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The Magnificent Floyd

Floyd E. Stewart Performing Magic, c. 1936
Edward W. Cochems (American, 1874-1949); Santa Ana, California
Photographic print; Various Dimensions
Gift of Mrs. Weston Walker
April Fools bring May LOL’s It takes a rare skill to fool others, especially in a way which delights and entertains rather than leaves one somehow feeling cheated. The preference for the former brand of fooling was certainly held by Floyd E. Stewart, an early Santa Anan remarkable for the talent he possessed in sleight of hand. In a premature celebration of April Fool’s Day, the collections blog pulls the rabbit out of Floyd E. Stewart’s hat, shining the stage lights on one of Santa Ana’s earliest professors of parlor tricks.
Making a Magician
Photograph of Floyd E. Stewart from
The Magic of Slight of Hand (36248).
Stewart’s background is as mysterious as his profession. There are several Floyd E. Stewarts born across the United States within the likely timeframe, but it is most probable that he was born in Maryland c. 1905. By 1928, he was already living in Santa Ana, California at a house on Riverside Dr. Originally, he worked as a taxi driver, but by 1930 at the young age of 25, he already declared himself an actor working in vaudeville. His main connection to Santa Ana and to the Bowers Museum was his close relationship to Edward W. Cochems, a prolific Orange County-area photographer active between 1919 and 1949. After 1936 the pair served as president and first vice-president of the Santa Ana Breakfast Club which changed its focus around the abilities of its then-newly elected second-in-command, suddenly featuring magic shows at many of its events. Other local distinctions include being introduced at a PTA show as having traveled Europe and performed for a “number of royal families of Europe” and receiving the unanimous vote for Best Beard at the Fiesta del Oro beard growing contest, tragically unphotographed.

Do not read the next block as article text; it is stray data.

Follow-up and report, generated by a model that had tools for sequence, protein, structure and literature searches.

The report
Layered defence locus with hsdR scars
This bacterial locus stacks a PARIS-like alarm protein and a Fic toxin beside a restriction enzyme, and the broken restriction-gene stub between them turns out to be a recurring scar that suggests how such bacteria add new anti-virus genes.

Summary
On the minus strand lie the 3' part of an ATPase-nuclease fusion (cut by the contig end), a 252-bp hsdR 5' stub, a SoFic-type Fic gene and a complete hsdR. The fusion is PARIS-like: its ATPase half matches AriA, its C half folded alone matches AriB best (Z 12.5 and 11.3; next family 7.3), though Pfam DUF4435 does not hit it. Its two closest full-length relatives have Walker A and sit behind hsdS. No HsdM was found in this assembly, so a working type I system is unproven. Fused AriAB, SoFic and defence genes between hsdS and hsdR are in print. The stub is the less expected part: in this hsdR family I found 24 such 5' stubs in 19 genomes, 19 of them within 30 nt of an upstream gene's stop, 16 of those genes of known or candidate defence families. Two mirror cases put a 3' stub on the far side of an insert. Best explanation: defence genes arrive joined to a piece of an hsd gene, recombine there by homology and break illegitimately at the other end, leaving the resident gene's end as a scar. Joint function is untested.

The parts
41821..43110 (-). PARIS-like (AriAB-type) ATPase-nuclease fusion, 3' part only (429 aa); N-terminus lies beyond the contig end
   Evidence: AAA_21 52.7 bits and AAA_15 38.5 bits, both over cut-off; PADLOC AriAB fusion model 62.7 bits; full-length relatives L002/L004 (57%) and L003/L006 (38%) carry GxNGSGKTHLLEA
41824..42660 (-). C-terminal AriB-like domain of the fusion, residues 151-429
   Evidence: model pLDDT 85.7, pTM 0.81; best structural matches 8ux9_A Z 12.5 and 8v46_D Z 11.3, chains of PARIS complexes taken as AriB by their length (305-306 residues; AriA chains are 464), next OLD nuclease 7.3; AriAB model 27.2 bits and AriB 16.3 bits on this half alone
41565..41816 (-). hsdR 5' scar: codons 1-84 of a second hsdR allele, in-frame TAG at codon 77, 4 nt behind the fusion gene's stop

Clean Hands, Clean Conscience
It can be said that the immense dexterity required to perform magic tricks can make many wary of its practitioners, but Stewart was hardly a thimblerigger. He insisted “that the true magician has always a clean sense of morality.” In his somewhat malapropped book published with the help of Cochems, The Magic of Slight of Hand: Exposed and Taught, Stewart spends significant time explaining that there is nothing in the least bit supernatural about the work of magicians. The ability to fool and amaze onlookers with cunning is instead something earned with hard work and perseverance. In this vein, Santa Ana’s Houdini spends an entire section of his manifesto discussing proper hand care. Of course, intensive hand exercises to improve dexterity are part of his regimen, but the real secret of this magician is the near-constant application of quality lotion to keep the hands “supple, soft and pliable.”
“It has often been said: I would like to become a magician, but it takes so long to learn, and then perhaps I would be a failure. Here let me put your mind at rest” 
—Floyd E. Stewart
The Magic of Slight of Hand: Exposed and Taught, c. 1936
Floyd E. Stewart (American, 1905-?); Santa Ana, California
Paper and ink; 8 x 5 1/2 in.
Gift of Mrs. Weston Walker
Parlor Slick
Details of "the Vanishing Silk" from The Magic of Slight of Hand (36248).
So much has been said about Stewarts’ life and philosophy, but as this is a post written for the annual celebration of fooling one’s friends and family, let us now briefly sojourn into the how-to of one of the more famous magic tricks enclosed in Stewart’s book: “the Vanishing Silk.” The trick is one the reader likely knows well. A ‘magic’ silk neckerchief is pushed into a closed hand by the magician, an incantation is said, the hand is opened, and voila the cloth has disappeared. The secret to the trick is the use of a silk pull, an uncomplicated mechanism which can be composed of a short section of carboard tube and an elastic cord. One end of the cord is attached to the cardboard and the other end is attached to the inside of the vest. The cord is strung through the inside of the sleeve, and hidden in a closed hand. After the neckerchief has been pushed into the silk pull, one releases the pull during a flourish and the elastic cord pulls the entire device into the sleeve, amazing crowds when one reveals an empty hand. Of course, the tricks outlined in The Magic of Slight of Hand are only the most basic. Like all magicians, Stewart’s best wiles were trade secrets; their mysterious names alone—such as “the Magic Rug from Badgad,” “the News of Allah’s Press,” and “the Human Salamander in Flames of Death”—all tantalize and leave much to the imagination. This year when celebrating April Fool’s Day take a page from Stewart’s book and dupe with magic!

Text and images may be under copyright. Please contact Collection Department for permission to use. Information subject to change upon further research.

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